By Nic Fleming of Nature magazine

The movement of cholesterol in and out of cells takes much longer than previously thought, according to new measurements of the phenomenon in artificial cell membranes. The findings could lead to a better understanding of the movement of cholesterol in the body and might someday help improve treatments for some serious neurological diseases.

Most people worry about the negative effects of too much cholesterol, but this lipid is essential for cells. Cholesterol forms part of the lipid bilayer membrane that surrounds each cell in the body. It also insulates nerve fibers, aids the transport of chemical signals, and is used in the production of hormones. Problems with cholesterol's movement across cell membranes have been linked to Alzheimer's disease and other severe neurodegenerative disorders.

Timed travel

Understanding the causes of these conditions and how best to treat them has been hampered by inconsistencies in the measurements of cholesterol's motion reported in previous research. Timescales for cholesterol "flipping" from one layer of the membrane to the other vary from several hours to a few milliseconds, and timings for its movement between cells also vary from tens of minutes to hours.

These differences might be related to the fluorescent chemical tags and other substances used to track cholesterol in such studies. To avoid adding such chemicals, Sumit Garg at Argonne National Laboratory in Argonne, Illinois, and his colleagues used bombardment with neutrons--neutral subatomic particles--to follow cholesterol movement. The researchers began with a mix of cholesterol-enriched and cholesterol-free bubbles of artificial lipid membrane, known as vesicles, which mimic the cell membrane bilayer. The vesicles were dispersed in water and zapped with a beam of neutrons.

The researchers adjusted conditions so that only neutron scattering by cholesterol was visible. This allowed the team to track cholesterol as it flipped from one layer of the lipid membrane to the other, or as it moved out of one vesicle membrane and into that of another. The measurements were carried out using neutrons from research reactors at the Laue-Langevin Institute (ILL), a nuclear research facility in Grenoble, France, and at the National Institute of Standard and Technology (NIST) in Gaithersburg, Maryland.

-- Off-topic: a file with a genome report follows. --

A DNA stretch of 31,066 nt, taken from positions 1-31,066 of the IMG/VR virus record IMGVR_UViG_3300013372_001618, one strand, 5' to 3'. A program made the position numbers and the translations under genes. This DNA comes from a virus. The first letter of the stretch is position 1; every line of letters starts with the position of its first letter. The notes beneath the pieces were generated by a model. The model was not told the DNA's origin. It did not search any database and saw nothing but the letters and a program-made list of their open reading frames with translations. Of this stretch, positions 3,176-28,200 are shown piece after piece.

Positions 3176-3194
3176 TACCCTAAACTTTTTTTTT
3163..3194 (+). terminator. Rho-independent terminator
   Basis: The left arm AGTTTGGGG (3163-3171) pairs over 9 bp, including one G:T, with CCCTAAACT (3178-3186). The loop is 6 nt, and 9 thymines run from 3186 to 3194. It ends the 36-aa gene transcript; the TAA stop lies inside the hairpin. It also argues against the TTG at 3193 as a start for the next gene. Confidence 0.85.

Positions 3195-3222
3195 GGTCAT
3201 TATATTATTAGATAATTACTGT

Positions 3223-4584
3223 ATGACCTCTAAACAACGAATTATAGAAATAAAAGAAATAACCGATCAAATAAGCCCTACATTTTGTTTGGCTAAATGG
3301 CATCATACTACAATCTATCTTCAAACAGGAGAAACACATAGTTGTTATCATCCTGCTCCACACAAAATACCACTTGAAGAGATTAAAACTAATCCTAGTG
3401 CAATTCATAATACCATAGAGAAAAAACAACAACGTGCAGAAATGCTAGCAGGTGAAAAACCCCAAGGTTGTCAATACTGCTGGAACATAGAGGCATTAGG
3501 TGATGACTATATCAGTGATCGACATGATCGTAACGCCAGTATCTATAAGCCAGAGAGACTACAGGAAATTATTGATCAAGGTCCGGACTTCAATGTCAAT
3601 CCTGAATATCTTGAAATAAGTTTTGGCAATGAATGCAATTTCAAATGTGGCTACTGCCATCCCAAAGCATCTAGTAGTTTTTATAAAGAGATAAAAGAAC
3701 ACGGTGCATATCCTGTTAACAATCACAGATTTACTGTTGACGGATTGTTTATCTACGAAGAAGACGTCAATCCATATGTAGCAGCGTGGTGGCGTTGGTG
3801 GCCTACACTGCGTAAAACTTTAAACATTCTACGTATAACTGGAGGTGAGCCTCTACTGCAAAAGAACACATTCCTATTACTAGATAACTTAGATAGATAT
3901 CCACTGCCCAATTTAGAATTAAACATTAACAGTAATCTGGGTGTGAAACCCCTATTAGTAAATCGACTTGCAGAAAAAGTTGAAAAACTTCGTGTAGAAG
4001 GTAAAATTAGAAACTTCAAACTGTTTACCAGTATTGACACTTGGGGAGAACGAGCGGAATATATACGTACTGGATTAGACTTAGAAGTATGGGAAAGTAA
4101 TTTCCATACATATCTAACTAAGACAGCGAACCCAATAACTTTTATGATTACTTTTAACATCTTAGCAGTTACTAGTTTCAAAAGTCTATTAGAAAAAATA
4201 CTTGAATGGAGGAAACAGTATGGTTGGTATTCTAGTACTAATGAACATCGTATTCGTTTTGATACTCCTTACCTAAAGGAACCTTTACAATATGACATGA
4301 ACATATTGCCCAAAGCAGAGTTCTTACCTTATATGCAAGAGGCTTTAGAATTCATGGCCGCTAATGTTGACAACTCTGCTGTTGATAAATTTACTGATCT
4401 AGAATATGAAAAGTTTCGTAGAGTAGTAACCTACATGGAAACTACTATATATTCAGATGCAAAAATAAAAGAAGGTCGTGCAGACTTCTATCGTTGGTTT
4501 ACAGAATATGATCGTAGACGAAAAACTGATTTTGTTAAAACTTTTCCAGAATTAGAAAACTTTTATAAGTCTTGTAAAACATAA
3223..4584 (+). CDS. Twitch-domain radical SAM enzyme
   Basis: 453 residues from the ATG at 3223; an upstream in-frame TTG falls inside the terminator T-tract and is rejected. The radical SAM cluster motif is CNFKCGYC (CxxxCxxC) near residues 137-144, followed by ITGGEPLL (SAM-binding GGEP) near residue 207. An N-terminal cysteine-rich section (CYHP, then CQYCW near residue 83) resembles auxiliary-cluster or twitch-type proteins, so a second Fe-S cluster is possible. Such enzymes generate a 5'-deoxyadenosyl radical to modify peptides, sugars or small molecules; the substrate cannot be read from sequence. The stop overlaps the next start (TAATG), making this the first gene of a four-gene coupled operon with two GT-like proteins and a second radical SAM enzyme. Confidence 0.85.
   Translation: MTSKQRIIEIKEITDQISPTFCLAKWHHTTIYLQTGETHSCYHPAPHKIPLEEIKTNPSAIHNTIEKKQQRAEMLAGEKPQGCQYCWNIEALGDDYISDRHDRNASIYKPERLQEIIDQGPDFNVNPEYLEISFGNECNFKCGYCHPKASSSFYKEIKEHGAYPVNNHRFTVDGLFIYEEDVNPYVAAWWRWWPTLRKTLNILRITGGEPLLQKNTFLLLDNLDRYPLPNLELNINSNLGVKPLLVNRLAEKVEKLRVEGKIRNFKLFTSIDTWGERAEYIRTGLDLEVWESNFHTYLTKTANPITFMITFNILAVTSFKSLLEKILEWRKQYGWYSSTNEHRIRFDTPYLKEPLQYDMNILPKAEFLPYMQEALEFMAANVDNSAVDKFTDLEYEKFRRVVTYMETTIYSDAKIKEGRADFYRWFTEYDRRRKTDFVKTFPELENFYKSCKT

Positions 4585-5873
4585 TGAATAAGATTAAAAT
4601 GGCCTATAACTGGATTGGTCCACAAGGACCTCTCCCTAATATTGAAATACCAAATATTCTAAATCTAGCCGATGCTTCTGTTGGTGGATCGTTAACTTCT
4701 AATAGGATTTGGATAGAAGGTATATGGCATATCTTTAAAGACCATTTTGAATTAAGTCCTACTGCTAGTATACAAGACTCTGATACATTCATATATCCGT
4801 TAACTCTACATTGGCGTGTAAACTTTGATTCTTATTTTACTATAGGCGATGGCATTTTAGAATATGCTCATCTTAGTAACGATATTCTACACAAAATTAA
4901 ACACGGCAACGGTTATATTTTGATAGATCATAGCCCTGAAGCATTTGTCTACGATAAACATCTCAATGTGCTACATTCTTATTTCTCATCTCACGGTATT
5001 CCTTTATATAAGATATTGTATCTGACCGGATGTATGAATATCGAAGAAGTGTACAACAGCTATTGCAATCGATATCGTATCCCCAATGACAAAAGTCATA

The results show that the movement of cholesterol both within the membrane and from one vesicle to another was slower than measured in most previous studies--transfer of half the cholesterol from the enriched vesicles to the cholesterol-free vesicles took on the order of a few hours.

The team then repeated the experiments with the addition of cyclodextrin, a ring-shaped glucose molecule used in many previous measurements of cholesterol transport. They found that the chemical sped up cholesterol movement by an order of magnitude.

Slow but sure

"This is the first complete accurate measurement of pure cholesterol transport," says team member Lionel Porcar at the Laue-Langevin Institute. "Most of the other studies tell us about fluorescent cholesterol, which is not what we have in our bodies."

The research is fundamental, but it could help to develop future treatments. Some researchers believe that changes to cholesterol distribution in the brain can lead to the accumulation of amyloid-beta plaques that seem to be central to an early onset of Alzheimer's disease. Animal and cell-culture studies strongly suggest that cholesterol helps to modulate amyloid-beta production, although how it does so is not understood. Porcar and his colleagues believe that understanding the movement of cholesterol in and out of cells is an important step in mapping its relationship to the Alzheimer's and other related illnesses. "Once we understand the mechanism, that will have a lot of potential application for diseases," he says.

The new measurement alone won't be enough to settle the debate, however. "The very slow flip rate is very surprising and would certainly be significant if we could be confident in the result," says Frederick Maxfield at the Weill Cornell Medical College, New York, who questions whether the model used by the researchers correlates accurately with the way cholesterol moves in the body. "This will undoubtedly spur further investigation," he adds. "We need to keep exploring new methodologies such as this to get a complete picture."

This article is reproduced with permission from the magazine Nature. The article was first published on July 19, 2011.